The iPhone 5 is powered by Apple’s all new A6 SoC which according to AnandTech, is the first Apple SoC to use its own ARMv7 based processor design whose core(s) are based on something purely created by Apple as opposed to fully licensed ARM cores which the Cupertino company has always used in the past.
Even though Apple has been working on its own ARM based CPU core, it was reportedly having issues making it work. However, it turns out that the reports were not correct after all. In fact, the source has now confirmed that Apple’s A6 SoC is based on Apple’s own ARM based CPU core i.e the ARMv7, and not the Cortex 9 (used in Apple’s A5) or Cortex 15.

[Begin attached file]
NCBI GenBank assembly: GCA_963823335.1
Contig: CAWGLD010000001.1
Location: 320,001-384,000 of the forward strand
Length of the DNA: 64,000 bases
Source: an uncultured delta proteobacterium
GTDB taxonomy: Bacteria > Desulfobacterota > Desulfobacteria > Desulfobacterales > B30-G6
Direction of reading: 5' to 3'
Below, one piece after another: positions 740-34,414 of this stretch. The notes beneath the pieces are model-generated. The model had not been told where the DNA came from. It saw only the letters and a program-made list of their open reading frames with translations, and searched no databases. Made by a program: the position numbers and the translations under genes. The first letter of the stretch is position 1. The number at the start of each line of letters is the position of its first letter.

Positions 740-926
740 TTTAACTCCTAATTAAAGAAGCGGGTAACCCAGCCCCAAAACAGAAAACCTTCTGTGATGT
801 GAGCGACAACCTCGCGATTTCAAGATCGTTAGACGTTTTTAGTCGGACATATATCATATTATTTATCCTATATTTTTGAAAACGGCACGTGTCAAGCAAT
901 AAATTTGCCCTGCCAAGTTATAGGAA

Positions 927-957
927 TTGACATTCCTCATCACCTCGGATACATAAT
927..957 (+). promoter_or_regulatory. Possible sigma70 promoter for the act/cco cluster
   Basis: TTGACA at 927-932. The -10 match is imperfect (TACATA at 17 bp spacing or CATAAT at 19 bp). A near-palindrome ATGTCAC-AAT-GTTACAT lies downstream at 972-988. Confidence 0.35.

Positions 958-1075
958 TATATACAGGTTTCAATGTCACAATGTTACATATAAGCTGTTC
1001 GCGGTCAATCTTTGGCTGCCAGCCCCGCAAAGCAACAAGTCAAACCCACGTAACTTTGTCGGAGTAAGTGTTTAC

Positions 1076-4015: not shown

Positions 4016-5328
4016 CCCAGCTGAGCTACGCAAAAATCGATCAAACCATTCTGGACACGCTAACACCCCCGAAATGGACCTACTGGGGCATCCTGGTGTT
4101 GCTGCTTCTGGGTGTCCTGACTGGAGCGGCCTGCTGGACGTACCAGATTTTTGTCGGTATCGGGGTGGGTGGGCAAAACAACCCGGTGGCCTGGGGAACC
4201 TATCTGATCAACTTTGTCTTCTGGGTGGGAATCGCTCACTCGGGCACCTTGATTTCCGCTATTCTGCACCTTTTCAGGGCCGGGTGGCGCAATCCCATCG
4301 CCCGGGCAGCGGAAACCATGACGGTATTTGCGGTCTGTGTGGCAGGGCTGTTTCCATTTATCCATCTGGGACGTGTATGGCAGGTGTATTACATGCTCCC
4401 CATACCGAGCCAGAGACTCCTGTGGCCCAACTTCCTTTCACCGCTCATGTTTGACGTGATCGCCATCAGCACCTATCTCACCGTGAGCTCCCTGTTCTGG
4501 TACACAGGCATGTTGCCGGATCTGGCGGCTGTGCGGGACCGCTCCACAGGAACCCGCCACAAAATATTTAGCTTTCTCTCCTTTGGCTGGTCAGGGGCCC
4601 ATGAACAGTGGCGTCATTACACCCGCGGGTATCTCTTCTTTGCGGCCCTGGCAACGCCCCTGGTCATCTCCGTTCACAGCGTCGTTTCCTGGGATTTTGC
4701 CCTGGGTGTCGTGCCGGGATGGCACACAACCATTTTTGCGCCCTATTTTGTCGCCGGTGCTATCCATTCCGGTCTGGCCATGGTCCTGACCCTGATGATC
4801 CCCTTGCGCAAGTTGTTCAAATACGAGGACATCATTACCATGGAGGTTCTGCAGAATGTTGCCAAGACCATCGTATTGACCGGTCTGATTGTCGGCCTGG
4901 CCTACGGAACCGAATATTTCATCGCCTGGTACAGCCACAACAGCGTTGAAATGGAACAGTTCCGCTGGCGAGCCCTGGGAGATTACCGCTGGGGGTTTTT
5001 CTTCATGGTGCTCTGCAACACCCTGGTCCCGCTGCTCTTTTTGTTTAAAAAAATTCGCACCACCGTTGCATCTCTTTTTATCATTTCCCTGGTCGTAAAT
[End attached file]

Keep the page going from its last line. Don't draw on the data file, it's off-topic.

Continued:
Why not just run the Cortex A9 cores from Apple’s A5 at higher frequencies? It’s tempting, after all that’s what many others have done in the space, but sub-optimal from a design perspective. As we learned during the Pentium 4 days, simply relying on frequency scaling to deliver generational performance improvements results in reduced power efficiency over the long run.
At its keynote, Apple promised longer battery life and 2x better CPU performance. It’s clear that the A6 moved to 32nm but it’s impossible to extract 2x better performance from the same CPU architecture while improving battery life over only a single process node shrink.
I should probably give Apple’s CPU team more credit in the future.
The report also says that it cannot be confirmed as to how many cores there are in the A6, as Apple was reluctant to report core count as it has in the past. The number is however assumed to be two, and not four as speculated by numerous rumours in the past.